Generative Design

    "Generative art refers to any art practice where the artist uses a system,
    such as a set of natural language rules, a computer program, a machine,
    or other procedural invention, which is set into motion with some degree of
    autonomy contributing to or resulting in a completed work of art.”
    -Philip Galanter
    For a graphic designer, generative techniques do not have to be a lofty unattainable process
    governed by complicated mathematics and coding, which are difficult to understand and implement.
    Instead, generative designs should be perceived as a way to make visual design:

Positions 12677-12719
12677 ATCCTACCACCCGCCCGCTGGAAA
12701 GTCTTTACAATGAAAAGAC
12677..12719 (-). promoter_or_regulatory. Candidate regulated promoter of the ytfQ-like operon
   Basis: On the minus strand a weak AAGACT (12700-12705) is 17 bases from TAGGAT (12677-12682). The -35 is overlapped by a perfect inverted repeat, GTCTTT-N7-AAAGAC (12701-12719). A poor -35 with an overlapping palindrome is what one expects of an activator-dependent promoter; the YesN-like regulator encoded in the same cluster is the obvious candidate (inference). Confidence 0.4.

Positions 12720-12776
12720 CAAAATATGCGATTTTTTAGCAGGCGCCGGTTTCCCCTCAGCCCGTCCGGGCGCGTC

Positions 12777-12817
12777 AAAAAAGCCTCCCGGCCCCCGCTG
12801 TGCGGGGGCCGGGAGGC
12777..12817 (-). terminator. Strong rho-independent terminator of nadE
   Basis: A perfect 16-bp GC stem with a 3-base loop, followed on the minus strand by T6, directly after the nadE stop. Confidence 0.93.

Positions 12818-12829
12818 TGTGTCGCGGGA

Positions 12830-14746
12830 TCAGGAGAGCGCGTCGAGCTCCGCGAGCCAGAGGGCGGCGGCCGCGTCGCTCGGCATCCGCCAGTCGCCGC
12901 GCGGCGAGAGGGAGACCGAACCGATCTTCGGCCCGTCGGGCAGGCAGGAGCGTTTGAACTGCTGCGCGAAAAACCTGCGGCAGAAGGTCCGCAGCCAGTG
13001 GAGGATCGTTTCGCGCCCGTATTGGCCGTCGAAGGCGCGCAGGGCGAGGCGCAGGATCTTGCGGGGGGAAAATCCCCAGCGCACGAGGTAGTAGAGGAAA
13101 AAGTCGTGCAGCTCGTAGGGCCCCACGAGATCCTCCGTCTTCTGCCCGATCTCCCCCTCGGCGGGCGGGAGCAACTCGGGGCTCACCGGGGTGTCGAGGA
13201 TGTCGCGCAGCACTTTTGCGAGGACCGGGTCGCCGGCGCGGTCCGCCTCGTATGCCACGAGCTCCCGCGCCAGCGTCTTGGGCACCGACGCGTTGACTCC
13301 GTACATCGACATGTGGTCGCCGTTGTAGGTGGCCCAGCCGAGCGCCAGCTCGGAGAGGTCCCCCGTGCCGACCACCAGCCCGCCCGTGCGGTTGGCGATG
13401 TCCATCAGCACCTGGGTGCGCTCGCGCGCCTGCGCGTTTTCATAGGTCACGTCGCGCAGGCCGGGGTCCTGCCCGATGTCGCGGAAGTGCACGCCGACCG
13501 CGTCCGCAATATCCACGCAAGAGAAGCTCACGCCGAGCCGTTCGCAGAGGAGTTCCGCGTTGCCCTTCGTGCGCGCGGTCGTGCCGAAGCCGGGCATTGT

In constant flux, activity or progress
    Reactive to a designer’s rules and a user’s needs or promptings
     Offers opportunities to present fresh outcomes through iteration, play and discovery
     Produces controlled complexity through the interactions of simple components
    Able to produce numerous outcomes with cohesive visual properties
  • Changing simple variables in the code influenced the letterforms a different way each
    time the "sketch" was run. In this way, a designer may change a graphic many times over while
    keeping a cohesive visual style. These videos display a screen capture of the code running in a
    Java Applet, which was exported from Processing. The quality of each output varied greatly.
    Thanks for viewing!
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